Bodies for Knowledge: Perspectives on Anatomy, 1600-1900′
2nd Open University History of Medicine Workshop
Monday 20 June 2011, 2-5 pm
London OU Regional Centre
1-11 Hawley Crescent, Camden Town, room 1
[map and directions]
This workshop is free but places are limited so please book before 5 June 2011. To book a place, email Yvonne Bartley (email@example.com).
The history of anatomy is a blossoming area of research, stimulating the interactions between scholars with different approaches, from medical to social historians and from anthropologists to art historians. Recent studies have called into question received accounts of a disciplinary continuity, stressing fundamental changes in anatomical practice and knowledge. This makes all the more important to recapture the historical specificity of such key activities as the procurement of bodies, the production of visual knowledge and the management of intellectual controversies. Bringing together scholars with a wide range of expertise, this workshop takes stock of recent developments in the field and charts future avenues of investigation.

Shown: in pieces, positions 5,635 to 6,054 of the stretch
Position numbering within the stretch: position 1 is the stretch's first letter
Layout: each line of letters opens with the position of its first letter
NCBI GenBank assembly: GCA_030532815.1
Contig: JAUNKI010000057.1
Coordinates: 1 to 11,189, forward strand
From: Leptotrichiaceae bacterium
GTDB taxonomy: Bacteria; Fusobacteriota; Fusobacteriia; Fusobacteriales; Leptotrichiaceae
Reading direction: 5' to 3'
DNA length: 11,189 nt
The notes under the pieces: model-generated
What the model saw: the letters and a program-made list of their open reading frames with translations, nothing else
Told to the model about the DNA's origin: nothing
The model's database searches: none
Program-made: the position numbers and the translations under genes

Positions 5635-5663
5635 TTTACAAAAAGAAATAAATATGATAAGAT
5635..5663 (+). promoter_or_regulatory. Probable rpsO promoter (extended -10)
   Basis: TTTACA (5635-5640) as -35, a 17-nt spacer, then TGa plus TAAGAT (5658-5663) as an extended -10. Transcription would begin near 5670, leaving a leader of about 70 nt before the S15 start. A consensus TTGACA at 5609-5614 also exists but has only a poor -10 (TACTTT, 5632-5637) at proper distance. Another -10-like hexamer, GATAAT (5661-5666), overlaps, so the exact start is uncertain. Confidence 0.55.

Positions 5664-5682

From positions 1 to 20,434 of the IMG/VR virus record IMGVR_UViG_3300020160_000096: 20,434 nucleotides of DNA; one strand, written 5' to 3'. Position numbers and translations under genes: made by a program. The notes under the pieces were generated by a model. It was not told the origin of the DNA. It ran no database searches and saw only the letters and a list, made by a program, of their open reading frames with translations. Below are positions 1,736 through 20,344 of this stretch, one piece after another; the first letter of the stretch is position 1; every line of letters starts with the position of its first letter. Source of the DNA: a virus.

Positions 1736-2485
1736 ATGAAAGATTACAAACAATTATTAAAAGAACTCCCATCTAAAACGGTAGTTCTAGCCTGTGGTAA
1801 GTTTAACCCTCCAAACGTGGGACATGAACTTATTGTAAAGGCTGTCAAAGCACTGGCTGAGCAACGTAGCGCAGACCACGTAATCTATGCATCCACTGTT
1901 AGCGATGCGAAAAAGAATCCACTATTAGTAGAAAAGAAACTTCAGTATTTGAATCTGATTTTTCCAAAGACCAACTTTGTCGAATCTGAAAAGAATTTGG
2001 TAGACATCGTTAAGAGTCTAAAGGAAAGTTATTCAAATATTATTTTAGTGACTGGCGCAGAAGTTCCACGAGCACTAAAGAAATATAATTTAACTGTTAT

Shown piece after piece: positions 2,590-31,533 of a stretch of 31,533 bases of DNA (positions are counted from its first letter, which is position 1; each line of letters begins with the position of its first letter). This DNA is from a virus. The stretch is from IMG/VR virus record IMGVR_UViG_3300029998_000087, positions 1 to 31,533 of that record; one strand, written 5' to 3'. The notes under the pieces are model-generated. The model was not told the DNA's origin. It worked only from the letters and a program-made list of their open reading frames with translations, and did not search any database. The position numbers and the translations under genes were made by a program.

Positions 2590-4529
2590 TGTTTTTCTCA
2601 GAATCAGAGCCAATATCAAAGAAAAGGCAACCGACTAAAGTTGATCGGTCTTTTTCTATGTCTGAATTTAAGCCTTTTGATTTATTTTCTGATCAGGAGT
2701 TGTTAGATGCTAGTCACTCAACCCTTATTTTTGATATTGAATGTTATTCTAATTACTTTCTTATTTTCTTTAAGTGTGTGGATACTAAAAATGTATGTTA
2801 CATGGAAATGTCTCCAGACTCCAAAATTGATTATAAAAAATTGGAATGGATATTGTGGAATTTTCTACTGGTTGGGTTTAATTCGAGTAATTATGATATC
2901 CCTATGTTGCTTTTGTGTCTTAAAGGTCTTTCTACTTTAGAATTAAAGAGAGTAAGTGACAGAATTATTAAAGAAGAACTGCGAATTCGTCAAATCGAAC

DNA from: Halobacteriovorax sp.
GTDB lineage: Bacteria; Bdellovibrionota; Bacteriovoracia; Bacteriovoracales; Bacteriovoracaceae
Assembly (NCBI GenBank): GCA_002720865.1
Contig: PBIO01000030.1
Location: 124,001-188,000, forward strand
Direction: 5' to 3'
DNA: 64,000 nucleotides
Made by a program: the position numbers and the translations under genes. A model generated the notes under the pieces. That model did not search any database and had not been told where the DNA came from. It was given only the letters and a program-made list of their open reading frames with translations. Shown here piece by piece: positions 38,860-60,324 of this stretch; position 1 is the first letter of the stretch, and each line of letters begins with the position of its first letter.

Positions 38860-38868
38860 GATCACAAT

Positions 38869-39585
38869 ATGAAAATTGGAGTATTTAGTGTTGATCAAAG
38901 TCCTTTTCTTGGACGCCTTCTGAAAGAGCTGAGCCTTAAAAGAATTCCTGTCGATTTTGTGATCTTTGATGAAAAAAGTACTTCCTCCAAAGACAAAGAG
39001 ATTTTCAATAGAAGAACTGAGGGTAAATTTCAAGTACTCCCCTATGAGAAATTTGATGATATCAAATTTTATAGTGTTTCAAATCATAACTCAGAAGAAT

2.00 Welcome and introduction
2.10 Karin Ekholm (Cambridge): The anatomy of generation and its images: from Padua to England, 1600–1651
2.45 Andrew Cunningham (Cambridge): The end of old anatomy: the Bell-Magendie law revisited
3.25 coffee break
3.45 Elizabeth Hurren (Oxford Brookes): Anatomy and the dissection of the dead in Victorian London
4.25 Final discussion
5.00 Workshop ends